The Columbia Chronicle

Education can help end silence of systemic abuse

EDITORIAL: Education can help end silence of systemic abuse

September 17, 2018

Attorneys general nationwide are investigating sexual abuse within the Roman Catholic Church to determine if allegations of abuse against children have been covered up, as reported Sept. 6 by The New York Ti...

The Chronicle expands coverage, opportunities for student staff

The Chronicle expands coverage, opportunities for student staff

September 4, 2018

When readers open up a weekly print issue of The Chronicle, pull up our website, visit our newsroom or check our social media, they may notice quite a bit of change. That’s because the organization...

After receiving positive customer feedback, the CTA plans to continue its initiative to replace cloth seats with hardback seats on el trains and buses. 

‘Why is my seat wet?’ CTA continues major seating overhaul

October 23, 2017

Chicagoans’ daily commute is getting a little less cushy but a lot cleaner with a change to the often heavily stained cloth seats.The Chicago Transit Authority will be replacing fabric seats with har...

Noah born to win

Ihmoud's Moods

By Media Relations Editor

March 10, 2014

It seems like a lifetime ago that Chicago Bulls guard Derrick Rose went down with another season-ending injury and fans and analysts began to count the Bulls out for the season. Some even wanted the te...

Blood Oath, an improv troupe whose members are former Columbia students, was chosen to perform Jan. 9–19 at the nation’s largest comedy festival, SketchFest, at Stage 773, 1225 W. Belmont Ave., along with two other Columbia alumni troupes, The Sean Miller Explosion and Awkward Silence.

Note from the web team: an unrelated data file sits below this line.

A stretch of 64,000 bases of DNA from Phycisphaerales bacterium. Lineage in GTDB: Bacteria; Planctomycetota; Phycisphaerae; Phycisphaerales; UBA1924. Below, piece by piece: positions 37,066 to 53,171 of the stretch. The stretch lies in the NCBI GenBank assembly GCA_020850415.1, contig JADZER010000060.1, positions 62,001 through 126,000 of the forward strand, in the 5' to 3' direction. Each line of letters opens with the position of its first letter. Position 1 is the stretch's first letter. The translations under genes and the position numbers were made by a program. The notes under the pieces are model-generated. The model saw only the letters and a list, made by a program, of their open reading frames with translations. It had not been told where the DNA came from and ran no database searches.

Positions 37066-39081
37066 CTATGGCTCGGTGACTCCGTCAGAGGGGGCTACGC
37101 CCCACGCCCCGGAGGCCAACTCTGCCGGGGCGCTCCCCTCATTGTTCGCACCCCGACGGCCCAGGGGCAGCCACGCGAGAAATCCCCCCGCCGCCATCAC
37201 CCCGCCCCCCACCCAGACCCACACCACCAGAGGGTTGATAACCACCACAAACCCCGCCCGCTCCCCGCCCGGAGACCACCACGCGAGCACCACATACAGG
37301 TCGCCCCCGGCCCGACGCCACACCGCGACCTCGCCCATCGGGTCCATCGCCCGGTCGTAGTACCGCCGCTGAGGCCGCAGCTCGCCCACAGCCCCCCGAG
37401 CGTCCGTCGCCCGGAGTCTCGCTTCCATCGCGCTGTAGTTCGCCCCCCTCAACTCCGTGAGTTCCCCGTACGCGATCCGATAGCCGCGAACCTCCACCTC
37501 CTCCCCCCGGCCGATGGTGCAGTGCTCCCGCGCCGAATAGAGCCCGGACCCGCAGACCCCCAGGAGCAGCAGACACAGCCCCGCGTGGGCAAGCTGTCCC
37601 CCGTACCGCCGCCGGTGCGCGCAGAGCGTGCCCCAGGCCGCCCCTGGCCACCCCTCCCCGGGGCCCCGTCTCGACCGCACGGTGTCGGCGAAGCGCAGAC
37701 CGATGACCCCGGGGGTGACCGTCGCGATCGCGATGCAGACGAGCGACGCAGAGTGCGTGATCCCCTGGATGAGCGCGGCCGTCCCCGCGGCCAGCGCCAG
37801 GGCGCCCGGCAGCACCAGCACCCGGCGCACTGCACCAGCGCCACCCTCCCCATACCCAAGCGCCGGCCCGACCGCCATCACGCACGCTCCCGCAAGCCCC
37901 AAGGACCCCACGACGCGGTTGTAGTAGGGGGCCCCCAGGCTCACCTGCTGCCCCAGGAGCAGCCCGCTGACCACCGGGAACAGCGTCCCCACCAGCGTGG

Blood Oath jokes its way to SketchFest

January 27, 2014

Of the 309 sketch comedy troupes that applied to perform in the nation’s largest comedy fest, 159 were chosen—three of which hail from Columbia. Blood Oath, The Sean Miller Explosion and Awkward Silence were chosen to perform at The Chicago Sketch Comedy Festival, also kno...

A “Beanstock” to music

By Ahmed Hamad

November 12, 2012

One of Columbia's Entrepreneurship classes put on a concert to raise funds for Rock for Kids, an initiative that brings music education to undeserved children in Chicago. The name Beanstock came from the combination of Woodstock and Chicago's infamous bean. The event took place Wednesday night at 7 at Columbia's HAUS at 623 S. Wabash Ave. Joshua Fletcher, The Man in My Shoes, Jordan Burk and Reid Bower came to perform at ...

Health care act sparks moral debate

By Tim Shaunnessey

April 23, 2012

Separation of church and state has long been a contentious issue. Recently, issues of religious freedom versus the prevention of discrimination have resulted in conflicts between the U.S. Department of Health and Human Services and the Catholic Church.During an April 16 forum about the separation of church and state in an age of health care reform, Cardinal Francis George, archbishop of Chicago, spoke at the Union League Cl...

Thou shalt copy, Thou shalt paste

By Gabrielle Rosas

January 17, 2012

In the post-digital age, information is shared instantly. Images, stories and music shoot through cyberspace at a rate that would baffle the forefathers of technology. In the last decade, information has become more accessible than decent health care. Most would say it has become a commodity. The Church of Kopimism believes it is holy.Kopimism, a new religion based on the “holy sacrament” of file-sharing, or the sharing of information ...

Funeral for Maggie Daley

By Brent Lewis

November 29, 2011

Sara Mays | THE CHRONICLEThe funeral service for the former first lady of Chicago, Maggie Daley was held on Nov. 28, 2011 at Old St. Patrick's Catholic Church. Mrs. Daley died on Thanksgiving day due to metastatic breast cancer, that she has been battling for almost a decade, at the age of 68. The funeral ceremony was held next to the Francis Xavier Warde school which Mrs. Daley helped found. Mrs. Daley's son Patrick Daley...

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